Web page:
When I study people who have done extraordinary things, when I look at when I have accomplished what others said was impossible, there was little regard for other’s rules of thinking, rules of what can or can’t be done, or even what should or shouldn’t be done.

Look at Elon Musk, Steve Jobs… and me.

For example, in my own life this link was clear by to me by the tender age of 8 years old.

I just couldn’t watch and do nothing! I was in the second grade. This was “back in the day” when teachers hit kids (boys) and children were labeled “retarded” and “neither educable or trainable”. Children spoke nicely to their teachers, and followed lots of rules, there were no “safe spaces” and no political correctness…

That was the year I was blessed with one of those awful teachers (yes, she did put boys over her knee and paddle them) and a sad, young girl in my class who was tagged as “retarded”. My teacher, let’s call her Mrs. E, pretty much ignored this little girl; I’m sure she was frustrated.  She didn’t have the skills (or temperament) to deal with a kid like her. And, there was no special ed, no individualized plans for kids with special needs, no assistants in the classroom, and no help for ill-equipped teachers or drowning kids.

One day, I just couldn’t stand it any more. I knew what Mrs. E was doing was wrong. I didn’t know how, but I knew I could make a difference. I was in The No-Doubt Zone™.

So, I opened my “big mouth” and explained to my teacher just how wrong it was not to work with this girl, how she deserved more, and how totally unacceptable this was. Good thing girls didn’t get paddled like the boys. Gender discrimination definitely worked in my favor as I spoke in a way that would have gotten the boys hit, and, if my teacher wasn’t so shocked by my blatant disregard for the rules and proper etiquette, I’d have been thrown out of class, if not out of the school entirely.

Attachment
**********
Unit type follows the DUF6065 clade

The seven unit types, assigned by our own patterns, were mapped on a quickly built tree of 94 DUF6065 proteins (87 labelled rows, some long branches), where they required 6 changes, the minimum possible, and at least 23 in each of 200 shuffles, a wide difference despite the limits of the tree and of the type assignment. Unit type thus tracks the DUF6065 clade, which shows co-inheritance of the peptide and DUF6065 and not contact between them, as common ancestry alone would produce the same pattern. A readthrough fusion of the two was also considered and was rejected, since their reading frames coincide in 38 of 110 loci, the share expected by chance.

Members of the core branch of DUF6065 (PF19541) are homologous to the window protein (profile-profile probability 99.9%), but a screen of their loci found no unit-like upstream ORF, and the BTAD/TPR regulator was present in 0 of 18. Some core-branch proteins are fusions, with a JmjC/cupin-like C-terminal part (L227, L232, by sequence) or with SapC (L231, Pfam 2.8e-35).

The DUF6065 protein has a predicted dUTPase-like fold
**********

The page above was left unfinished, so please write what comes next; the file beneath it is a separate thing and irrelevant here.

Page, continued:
Mrs. E glared at me, her face livid with rage and indignation. Finally, she said, “Since you think you can do better than I can, she is now your responsibility. Every day you will finish your work, and then you work with her.”

That’s how it went for the rest of the year. Every day I finished my work (it was easy and boring anyway) and set out to teach my young charge. She learned well, surprising everyone. After that, the school sent me another child to work with as well.

My path as an educator, a renegade… an insurgent… a rule-breaker… a visionary… moved forward. I found I could learn what I needed to learn, to get the results I wanted if I was determined to do so. I learned to commit, take action, and figure it out along the way. Just because people thought someone was retarded and incapable of learning didn’t mean they were right, and I was determined to prove them wrong.

It’s clear, innovators, visionaries, people who make a difference are rule-breakers, renegades. If you accept the rules, you may not even see what’s possible. And you certainly won’t make something different happen.

Disclaimer: I’m not suggesting that you go out and break the law in any misguided attempt at rebelling against the powers that be. I was a kid, and boundaries were meant to be tested. In fact,  I still think they are.

So, think of a time you created something extraordinary, went beyond what others thought possible, a time you were in The No Doubt Zone™, did you:

  1. Focus on being sure to follow the rules?
  2. Focus on the obstacles or how to get around or change the rules?
  3. Shift your paradigm from the one reflected in the rules, to one encompassing new possibilities?

I’d love to hear your stories!

Stay tuned as we dig deep into The No Doubt Zone™, how to cultivate it, and use it to create extraordinary outcomes.